The People's Kitchen, SLO


For more than 20 years the People's Kitchen has provided a free meal at noon to families in need. Nearly 30,000 meals are served each year. A large portion of success from the People's Kitchen is due to volunteer efforts of many local organizations and individuals.

After analyzing the nonprofits current site I redesigned the layout, framed compositions, and built an entirely new website with an updated look and feel.

Project Role

The Challenge

In order to revitalize the People's Kitchen website I had to first prioritize the information. From the start it was obvious that the navigation bar had too many tags. Once I decreased the amount of tags it was easier to decide where meal instructions and serving group info would reside. The next step was establishing a functional and aesthetically pleasing grid. Using paper prototypes and collecting peer feedback I was able to come up with two compositions, both different in look and feel.

Original Site

Figure A. Original Site Critique


I developed two compositions using Adobe Illustrator, each consisting of two pages and with opposite styles. While one composition aims to create a friendly and inviting atmosphere, the other emphasizes the bitter reality of hunger. Both compositions eliminated certain aspects of the navigation bar from the original website and better organized volunteer information. Through the use of a simple form I made it easier for users to ask questions and get involved.


At this stage I received feedback from my peers with specific "likes" and "dislikes" of the two compositions. The first critique I received focused primarily on the grid of each composition and whether or not the layout made sense. They suggested finding a better way to separate large bodies of text. Others questioned the line spacing and kerning in both headers and body text. Most were pleased to see the introduction of color.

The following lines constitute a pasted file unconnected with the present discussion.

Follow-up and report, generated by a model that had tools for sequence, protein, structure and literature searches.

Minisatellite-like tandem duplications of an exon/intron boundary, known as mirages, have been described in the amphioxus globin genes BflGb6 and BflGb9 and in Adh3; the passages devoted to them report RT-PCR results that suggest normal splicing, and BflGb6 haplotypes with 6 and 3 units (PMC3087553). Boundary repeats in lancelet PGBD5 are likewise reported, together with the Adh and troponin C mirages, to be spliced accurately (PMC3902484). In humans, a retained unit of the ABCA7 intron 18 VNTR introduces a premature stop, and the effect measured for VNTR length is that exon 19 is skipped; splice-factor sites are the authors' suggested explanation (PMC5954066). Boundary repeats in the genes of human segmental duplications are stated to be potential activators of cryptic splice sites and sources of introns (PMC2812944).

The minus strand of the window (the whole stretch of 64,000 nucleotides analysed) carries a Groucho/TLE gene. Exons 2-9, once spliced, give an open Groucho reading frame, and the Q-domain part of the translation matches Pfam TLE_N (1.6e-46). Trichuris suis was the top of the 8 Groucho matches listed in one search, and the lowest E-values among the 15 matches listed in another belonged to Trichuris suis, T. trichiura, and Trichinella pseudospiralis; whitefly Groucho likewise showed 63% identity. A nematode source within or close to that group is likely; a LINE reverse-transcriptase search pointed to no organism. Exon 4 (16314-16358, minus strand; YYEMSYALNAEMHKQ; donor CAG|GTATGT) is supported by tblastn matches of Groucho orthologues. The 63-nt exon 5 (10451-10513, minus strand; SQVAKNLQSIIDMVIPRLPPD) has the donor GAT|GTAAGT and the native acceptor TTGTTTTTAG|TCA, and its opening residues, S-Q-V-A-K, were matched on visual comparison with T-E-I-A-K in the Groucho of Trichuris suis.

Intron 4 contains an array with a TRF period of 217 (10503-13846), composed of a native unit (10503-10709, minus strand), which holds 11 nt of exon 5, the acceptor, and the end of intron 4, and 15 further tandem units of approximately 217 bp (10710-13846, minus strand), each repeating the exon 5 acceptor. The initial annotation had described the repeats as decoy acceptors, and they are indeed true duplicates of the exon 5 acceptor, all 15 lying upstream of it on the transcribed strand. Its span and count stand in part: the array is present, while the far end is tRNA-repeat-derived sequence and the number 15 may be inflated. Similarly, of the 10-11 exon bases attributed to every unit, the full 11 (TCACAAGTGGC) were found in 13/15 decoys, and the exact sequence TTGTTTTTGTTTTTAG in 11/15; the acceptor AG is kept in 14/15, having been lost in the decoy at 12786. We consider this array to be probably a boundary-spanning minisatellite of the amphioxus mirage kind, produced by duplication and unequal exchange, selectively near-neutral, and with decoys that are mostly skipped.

Logo Design

The current People's Kitchen logo is somewhat outdated. I aimed to give the logo a sleeker design while keeping certain aspects of the original, such as the ladle.

Figure B. Logo Development

Final Product

The final product was a result of paper mockups, computer compositions, and client feedback. The client preferred a more vibrant and inviting color scheme similar to the first composition and better understood the layout of the second. The most challenging part of this assignment was prioritizing information in a way that highlights the essentials without completely overshadowing all other material.

Figure C. Website Screenshot


This project was an overall positive experience given that I had the opportunity to work with a nonprofit. Being responsible for an entire website taught me the importance of prototypes.

I believe that the site is far easier for users to navigate and I am eager to see if the owner will implement the updates to their business.

Website design and content © 2018 Sean Christensen